The inquiry opens doors to:

  • Increased awareness: Broader public and medical understanding of gender bias in pain management and its impact on women.
  • Improved diagnostics and treatment: Development of more accurate and comprehensive diagnostic tools and effective treatment options tailored to women’s needs.
  • Empowered patients: Women equipped with knowledge and resources to advocate for their own health and well-being in pain management.

The online survey of 1,772 women was conducted during September and October 2023 by Engage Victoria, the government’s consultation arm.

Ms Thomas told The Guardian the survey findings were consistent with efforts to remove the “shame and stigma” associated with women’s health.

“I remember scuttling off to the bathroom trying to hide pads and tampons, ashamed that I had my period when I was at school,” she said.

“We know that it was not too long ago where to talk about menopause was something that no one does in polite company, let alone in the parliament.

“Our role as leaders … is to break down that shame and stigma and empower more women to talk about what’s happening to their bodies, and to make sure that they’re accessing the health care that they need.”

The inquiry is ongoing, accepting submissions from individuals, clinicians, and organizations until May 2024. Its final report, due in December 2024, will hold immense potential to reshape the landscape of pain management for women in Victoria. This initiative serves as a powerful example, urging other regions and countries to follow suit and address the long-neglected issue of women’s pain.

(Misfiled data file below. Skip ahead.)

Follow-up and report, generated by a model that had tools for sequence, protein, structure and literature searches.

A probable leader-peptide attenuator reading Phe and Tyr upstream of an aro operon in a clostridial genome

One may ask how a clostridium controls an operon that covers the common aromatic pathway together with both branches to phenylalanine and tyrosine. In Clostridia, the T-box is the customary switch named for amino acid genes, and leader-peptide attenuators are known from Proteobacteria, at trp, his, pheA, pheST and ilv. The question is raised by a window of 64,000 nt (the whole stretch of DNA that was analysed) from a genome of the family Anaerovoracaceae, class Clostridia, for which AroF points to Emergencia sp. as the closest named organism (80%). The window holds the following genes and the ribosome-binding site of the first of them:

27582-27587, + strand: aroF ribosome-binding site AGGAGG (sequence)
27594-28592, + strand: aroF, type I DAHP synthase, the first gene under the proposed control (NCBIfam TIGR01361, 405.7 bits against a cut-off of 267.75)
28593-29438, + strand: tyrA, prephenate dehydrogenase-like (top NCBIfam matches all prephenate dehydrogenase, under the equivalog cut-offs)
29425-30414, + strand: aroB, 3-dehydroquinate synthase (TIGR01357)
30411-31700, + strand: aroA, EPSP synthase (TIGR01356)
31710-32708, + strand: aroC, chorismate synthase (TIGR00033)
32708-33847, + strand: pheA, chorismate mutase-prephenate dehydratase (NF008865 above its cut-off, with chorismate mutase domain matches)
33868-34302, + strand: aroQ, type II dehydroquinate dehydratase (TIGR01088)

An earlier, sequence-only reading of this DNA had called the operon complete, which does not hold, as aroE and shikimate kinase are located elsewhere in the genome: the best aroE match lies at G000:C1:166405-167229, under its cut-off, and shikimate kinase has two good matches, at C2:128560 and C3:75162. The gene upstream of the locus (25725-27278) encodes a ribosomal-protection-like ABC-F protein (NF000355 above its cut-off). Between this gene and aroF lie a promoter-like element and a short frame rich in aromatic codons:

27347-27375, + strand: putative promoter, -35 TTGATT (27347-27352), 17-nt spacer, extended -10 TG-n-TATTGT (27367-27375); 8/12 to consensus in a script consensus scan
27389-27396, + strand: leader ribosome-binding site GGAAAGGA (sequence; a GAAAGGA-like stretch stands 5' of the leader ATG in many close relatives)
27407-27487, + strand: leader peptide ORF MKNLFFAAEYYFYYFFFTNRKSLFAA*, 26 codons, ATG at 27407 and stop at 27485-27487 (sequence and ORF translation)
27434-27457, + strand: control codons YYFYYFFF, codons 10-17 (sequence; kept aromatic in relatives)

Causes of chronic pain

Period pain - Adenomyosis

Causes of chronic pain in women varies in each individual case, but hundreds of women suffer from symptoms including:

  • Endometriosis
  • Pelvic Pain
  • Menstrual pain
  • Pregnancy or birth complications
  • Back pain
  • Osteoarthritis
  • Fibromyalgia
  • Arthritis
  • Migraines
  • PCOS
  • Crohn’s

Tips for managing pain


Some helpful tips to help reduce pain include:

Exercise. Keep yourself active. Ask your doctor which forms of exercise you can practice.

Walking, Swimming, Pilates or Yoga are all great exercises to consider. The Healthy Mummy app has hundreds of low-impact exercises to choose from.

Weight loss may also help you control some pain conditions, ensure you seek guidance from your doctor or specialist.

Practice relaxation techniques such as meditation and deep breathing.

Massage therapy can help ease tension in your muscles.

Rest. Make sure you get enough sleep and listen to your body when it needs rest.

Take Hormone Balance to help support your hormones and reduce pain, muscle cramps, PMS symptoms with a unique blend of vitamins and nutrients.

Read more:

The ONE daily exercise to do EVERY DAY to lose weight

How mum who suffers with chronic pain has lost 10kg and has less flare ups

This mum with arthritis has lost 15kg and is finally pain free